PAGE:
Welcome Aboard!

We’re living on a boat! 

After nine thousand road miles, a couple round trip flights, mind-boggling hours of screen time, ten weeks living in a camper, a Cannonball Run across state lines to find a notary, a lot of waiting for suddenly urgent administrative events, and of course our driver’s license saga, we have officially turned the page to the nautical chapter of our adventure and on Friday April 2 we became owners of The Boat Formerly Known As Southern Cross!  (Okay, and more money than we thought a boat would cost, but that’s kind of endemic to the boat world.)  All this since an August day at St. Croix State Park whilst in the throes of pandemic restlessness when Dave mentioned The Great Loop and I said ‘why not?’  Recently I asked Dave for some information from our house sale, and while digging through emails to find it we realized it had been less than three months since we were still tiptoeing along icy sidewalks while walking Roxy in our Minnesota neighborhood.  Yet it seems like ages.  But we are now living on a boat, and she’s a beauty!

Just got the keys!
Lounging in the roomy cockpit.

I mentioned our Cannonball Run across state lines to get the final loan documents notarized.  We had to go to Georgia because if we had it completed in Florida apparently it would have cost us $2500.00, so we decided that the four hour drive each way was worth it.  Around the same time, Florida opened up COVID vaccination to anyone 50+, and I was able to score a couple of appointments at a CVS in Jacksonville.  Add an Ikea along the way that had some specific storage stuff that was perfect for the boat and a sporting goods store in Daytona that had a kayak Dave was interested in, and we had a full day mapped out.  This after a week of just sitting around waiting.  So early on the last day of March, we loaded Roxy in the car for what was going to one of our final road trips and headed north on I-95.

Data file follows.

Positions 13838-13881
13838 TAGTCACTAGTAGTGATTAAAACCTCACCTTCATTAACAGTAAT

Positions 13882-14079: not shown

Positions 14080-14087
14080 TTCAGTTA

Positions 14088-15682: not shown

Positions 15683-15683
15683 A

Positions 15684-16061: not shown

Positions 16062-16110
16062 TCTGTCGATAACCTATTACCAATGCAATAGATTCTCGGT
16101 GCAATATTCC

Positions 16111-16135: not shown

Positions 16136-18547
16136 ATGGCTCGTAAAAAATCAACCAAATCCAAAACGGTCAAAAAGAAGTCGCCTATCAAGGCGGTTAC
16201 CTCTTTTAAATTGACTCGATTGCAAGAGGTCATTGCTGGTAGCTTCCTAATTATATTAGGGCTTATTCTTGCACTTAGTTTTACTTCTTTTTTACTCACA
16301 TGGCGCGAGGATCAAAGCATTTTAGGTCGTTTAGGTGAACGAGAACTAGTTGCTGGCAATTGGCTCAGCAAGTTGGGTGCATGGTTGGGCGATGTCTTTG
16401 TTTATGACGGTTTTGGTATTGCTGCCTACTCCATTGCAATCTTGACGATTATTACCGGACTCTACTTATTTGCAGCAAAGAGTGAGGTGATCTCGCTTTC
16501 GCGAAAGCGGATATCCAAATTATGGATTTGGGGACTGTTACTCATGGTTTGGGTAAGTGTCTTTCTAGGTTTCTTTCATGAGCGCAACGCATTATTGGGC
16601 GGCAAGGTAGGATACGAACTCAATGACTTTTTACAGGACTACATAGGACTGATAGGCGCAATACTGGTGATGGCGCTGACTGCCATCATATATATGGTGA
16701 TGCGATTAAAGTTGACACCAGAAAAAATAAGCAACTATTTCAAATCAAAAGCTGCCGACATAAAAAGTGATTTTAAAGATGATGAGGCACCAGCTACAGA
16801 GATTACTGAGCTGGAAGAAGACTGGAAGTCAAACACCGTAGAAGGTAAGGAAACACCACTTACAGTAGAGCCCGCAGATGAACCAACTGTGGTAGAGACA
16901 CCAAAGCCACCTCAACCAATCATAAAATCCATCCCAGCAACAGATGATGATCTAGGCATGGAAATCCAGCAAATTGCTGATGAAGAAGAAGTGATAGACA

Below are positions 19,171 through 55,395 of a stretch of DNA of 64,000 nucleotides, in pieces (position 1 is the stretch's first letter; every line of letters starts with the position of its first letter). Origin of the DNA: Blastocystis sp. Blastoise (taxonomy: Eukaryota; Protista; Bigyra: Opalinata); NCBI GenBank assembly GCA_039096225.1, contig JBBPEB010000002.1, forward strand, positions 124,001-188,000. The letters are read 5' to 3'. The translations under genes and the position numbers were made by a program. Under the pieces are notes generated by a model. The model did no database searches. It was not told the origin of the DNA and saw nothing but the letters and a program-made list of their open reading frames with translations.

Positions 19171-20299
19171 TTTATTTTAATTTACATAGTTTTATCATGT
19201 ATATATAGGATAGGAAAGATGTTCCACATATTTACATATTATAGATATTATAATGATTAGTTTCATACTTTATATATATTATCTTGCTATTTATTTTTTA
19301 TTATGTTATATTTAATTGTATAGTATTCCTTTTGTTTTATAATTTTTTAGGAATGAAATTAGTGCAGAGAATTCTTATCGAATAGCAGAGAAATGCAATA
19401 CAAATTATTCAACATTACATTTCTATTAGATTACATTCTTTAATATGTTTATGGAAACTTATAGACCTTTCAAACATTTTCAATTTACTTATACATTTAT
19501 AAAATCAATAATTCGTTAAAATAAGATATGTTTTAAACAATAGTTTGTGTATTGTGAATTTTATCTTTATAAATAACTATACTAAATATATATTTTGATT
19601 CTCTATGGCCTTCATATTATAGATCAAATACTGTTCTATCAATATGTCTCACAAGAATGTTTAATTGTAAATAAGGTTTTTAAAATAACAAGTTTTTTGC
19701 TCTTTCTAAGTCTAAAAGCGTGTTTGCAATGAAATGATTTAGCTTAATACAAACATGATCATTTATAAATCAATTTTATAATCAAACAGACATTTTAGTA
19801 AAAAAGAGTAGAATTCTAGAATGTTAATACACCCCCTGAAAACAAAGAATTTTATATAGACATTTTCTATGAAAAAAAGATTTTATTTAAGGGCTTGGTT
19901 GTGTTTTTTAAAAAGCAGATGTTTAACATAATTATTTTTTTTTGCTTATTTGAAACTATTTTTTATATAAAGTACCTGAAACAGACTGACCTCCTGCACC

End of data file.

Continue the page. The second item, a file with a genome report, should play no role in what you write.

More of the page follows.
First stop was for our immunizations.  The afternoon before, I had found a CVS in Jacksonville with slots available.  We had been advised that since Florida sees so many snowbirds from out of state, they were accepting a copy of your rental agreement or in our case the RV park receipt showing that we were residing in state.  We had them with us, but no one ever asked to see it.  They checked off my name and pointed me toward the Minute Clinic where they were administering the shots.  While waiting in line, I noticed a group of five people in business suits hanging around, observing, which seemed a little out of place in a drugstore.  After a completely painless shot,  I’m sitting in the socially distanced post-vaccine waiting area for the required 15 min wait when the Nurse Practitioner seeing regular Minute Clinic patients sticks her head out the door of the exam room and tells the nurse that the paramedics are coming and to make room for them.  He starts rearranging the post-vaccine waiters, looking a little flustered.  

“Great.  Our vice-president is here today and this happens,” he confesses as he sits back down at the desk near me. 

“Well this is your chance to show them how well the clinic does its job.”

“It’s my first day.”

That I would suggest you leave out.”